pictured:Transition: A young John Lewis (left) marching at the Edmund Pettus bidge and right, as a long time congressman.
At the 1963 March on Washington, civil rights leaders asked John Lewis to tone his speech down
Before his death Friday, at the age of 80, Rep. John Lewis was the last living speaker at the march where Martin Luther King Jr delivered his famous ‘I Have a Dream’ speech.
As the head of the Student Nonviolent Coordinating Committee, Lewis , then 23 years old,,drafted a fiery speech to present to the crowds gathered at the March on Washington. But the night before the storied march, the speech was mistakenly leaked to the press, and as word of its contents began to spread, Lewis was summoned to a meeting with the march’s leaders and urged to tone down certain elements. Out of respect for leaders like A. Philip Randolph and Dr. Martin Luther King, Lewis edited his harsh criticism of the Kennedy administration’s civil rights bill, which he’d originally called “too little and too late,” and changed his call for a march “through the heart of Dixie, the way Sherman did” to a march “with the spirit of love and with the spirit of dignity that we have shown here today.”
The crowd hung on his every word. Decades later, a New Yorker editor wrote: “Certainly King’s speech was the most eloquent that day. But the most ferocious was John Lewis’s.”
John Robert Lewis, the son of sharecroppers who survived a brutal beating by police during a landmark 1965 march in Selma, Alabama, to become a towering figure of the civil rights movement and a longtime US congressman, died after a six-month battle with cancer.
Lewis made his transition on the same day as civil rights leader the Rev. Cordy Tindell “C.T.” Vivian, who was 95.
Lewis, a Democrat who served as the US representative for Georgia’s 5th Congressional District for more than three decades, was widely seen as a moral conscience of Congress because of his decades-long embodiment of nonviolent fight for civil rights. His passionate oratory was backed by a long record of action that included, by his count, more than 40 arrests while demonstrating against racial and social injustice.
A follower and colleague of Martin Luther King Jr., he participated in lunch counter sit-ins, joined the Freedom Riders in challenging segregated buses and was a keynote speaker at the historic 1963 March on Washington.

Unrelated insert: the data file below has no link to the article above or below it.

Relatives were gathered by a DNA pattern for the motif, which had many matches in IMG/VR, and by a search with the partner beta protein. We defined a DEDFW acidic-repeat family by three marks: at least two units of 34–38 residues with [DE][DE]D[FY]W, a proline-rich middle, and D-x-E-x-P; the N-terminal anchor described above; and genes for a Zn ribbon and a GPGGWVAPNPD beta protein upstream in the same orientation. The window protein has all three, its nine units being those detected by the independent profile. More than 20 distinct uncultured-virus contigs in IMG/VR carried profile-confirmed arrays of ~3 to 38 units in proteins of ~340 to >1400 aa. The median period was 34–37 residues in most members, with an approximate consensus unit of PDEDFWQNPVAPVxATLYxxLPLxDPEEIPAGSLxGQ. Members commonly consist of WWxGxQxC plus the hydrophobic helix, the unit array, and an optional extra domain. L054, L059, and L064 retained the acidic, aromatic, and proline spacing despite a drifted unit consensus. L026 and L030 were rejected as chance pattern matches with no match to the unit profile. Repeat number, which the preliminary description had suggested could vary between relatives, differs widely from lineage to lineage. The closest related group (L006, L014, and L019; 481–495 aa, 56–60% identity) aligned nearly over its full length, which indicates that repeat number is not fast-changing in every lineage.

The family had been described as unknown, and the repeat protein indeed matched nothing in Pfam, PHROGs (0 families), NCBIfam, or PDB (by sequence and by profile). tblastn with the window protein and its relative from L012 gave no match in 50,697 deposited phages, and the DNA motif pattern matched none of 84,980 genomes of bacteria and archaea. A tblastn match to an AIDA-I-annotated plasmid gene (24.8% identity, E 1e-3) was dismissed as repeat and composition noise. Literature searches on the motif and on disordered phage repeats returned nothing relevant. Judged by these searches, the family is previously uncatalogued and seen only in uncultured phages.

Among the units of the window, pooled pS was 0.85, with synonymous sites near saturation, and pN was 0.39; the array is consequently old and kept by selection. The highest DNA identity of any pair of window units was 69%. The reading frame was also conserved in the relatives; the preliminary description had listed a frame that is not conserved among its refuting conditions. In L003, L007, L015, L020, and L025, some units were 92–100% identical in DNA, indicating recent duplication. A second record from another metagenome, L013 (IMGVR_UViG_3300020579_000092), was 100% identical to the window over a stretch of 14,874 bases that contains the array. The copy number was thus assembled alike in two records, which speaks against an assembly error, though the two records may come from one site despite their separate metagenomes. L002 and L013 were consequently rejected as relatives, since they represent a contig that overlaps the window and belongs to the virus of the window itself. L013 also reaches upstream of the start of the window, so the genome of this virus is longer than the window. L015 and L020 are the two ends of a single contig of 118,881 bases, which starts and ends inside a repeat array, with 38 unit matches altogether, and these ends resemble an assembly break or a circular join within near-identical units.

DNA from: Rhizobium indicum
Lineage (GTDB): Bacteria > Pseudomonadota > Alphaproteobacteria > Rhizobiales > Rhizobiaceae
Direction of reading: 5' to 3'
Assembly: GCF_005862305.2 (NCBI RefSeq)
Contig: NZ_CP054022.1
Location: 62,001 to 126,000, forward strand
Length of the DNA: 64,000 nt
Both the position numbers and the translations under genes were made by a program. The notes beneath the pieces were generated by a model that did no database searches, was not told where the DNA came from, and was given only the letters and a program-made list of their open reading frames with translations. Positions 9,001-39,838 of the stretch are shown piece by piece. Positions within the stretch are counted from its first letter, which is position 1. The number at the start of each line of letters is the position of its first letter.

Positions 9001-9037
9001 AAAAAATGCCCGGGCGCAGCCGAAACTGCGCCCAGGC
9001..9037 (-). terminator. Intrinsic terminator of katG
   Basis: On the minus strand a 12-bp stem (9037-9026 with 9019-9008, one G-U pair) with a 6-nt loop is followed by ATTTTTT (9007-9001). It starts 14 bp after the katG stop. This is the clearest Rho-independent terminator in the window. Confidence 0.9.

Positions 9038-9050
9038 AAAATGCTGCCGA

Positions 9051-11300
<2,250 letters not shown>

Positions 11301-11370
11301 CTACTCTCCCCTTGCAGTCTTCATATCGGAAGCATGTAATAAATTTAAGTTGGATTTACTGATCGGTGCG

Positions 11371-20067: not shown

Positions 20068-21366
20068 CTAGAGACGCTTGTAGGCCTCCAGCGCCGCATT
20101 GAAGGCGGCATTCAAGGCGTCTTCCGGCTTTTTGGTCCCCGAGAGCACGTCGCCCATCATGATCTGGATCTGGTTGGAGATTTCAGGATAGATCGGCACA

Lewis has said King inspired his activism. Angered by the unfairness of the Jim Crow South, he launched what he called “good trouble” with organized protests and sit-ins.
In the early 1960s, he was a Freedom Rider, challenging segregation at interstate bus terminals across the South and in the nation’s capital.
“We do not want our freedom gradual; we want to be free now,” he said at the time.
At age 25, Lewis helped lead a march for voting rights on the Edmund Pettus Bridge in Selma, where he and other marchers were met by heavily armed state and local police who attacked them with clubs, fracturing Lewis’ skull. Images from that “Bloody Sunday” shocked the nation and galvanized support for the Voting Rights Act of 1965, signed into law by President Lyndon B. Johnson.
Despite the attack and other beatings, Lewis never lost his activist spirit, taking it from protests to politics. He was elected to the Atlanta city council in 1981, then to Congress six years later.
Once in Washington, he focused on fighting against poverty and helping younger generations by improving education and health care. He also co-wrote a series of graphic novels about the civil rights movement, which won him a National Book Award.
Born on a Troy, Alabama, cotton farm into a segregated America on February 21, 1940, Lewis lived to see an African American elected president, a moment he said he never thought would come despite his decades long fight for equality.
“It is the power in the way of peace, the way of love,” Lewis said decades later as a Congressman. “We must never, ever hate. The way of love is a better way.”
In 2011, after more than 50 years on the front lines of the civil rights movement, Lewis received the nation’s highest civilian honor, the Presidential Medal of Freedom, placed round his neck by America’s first Black president.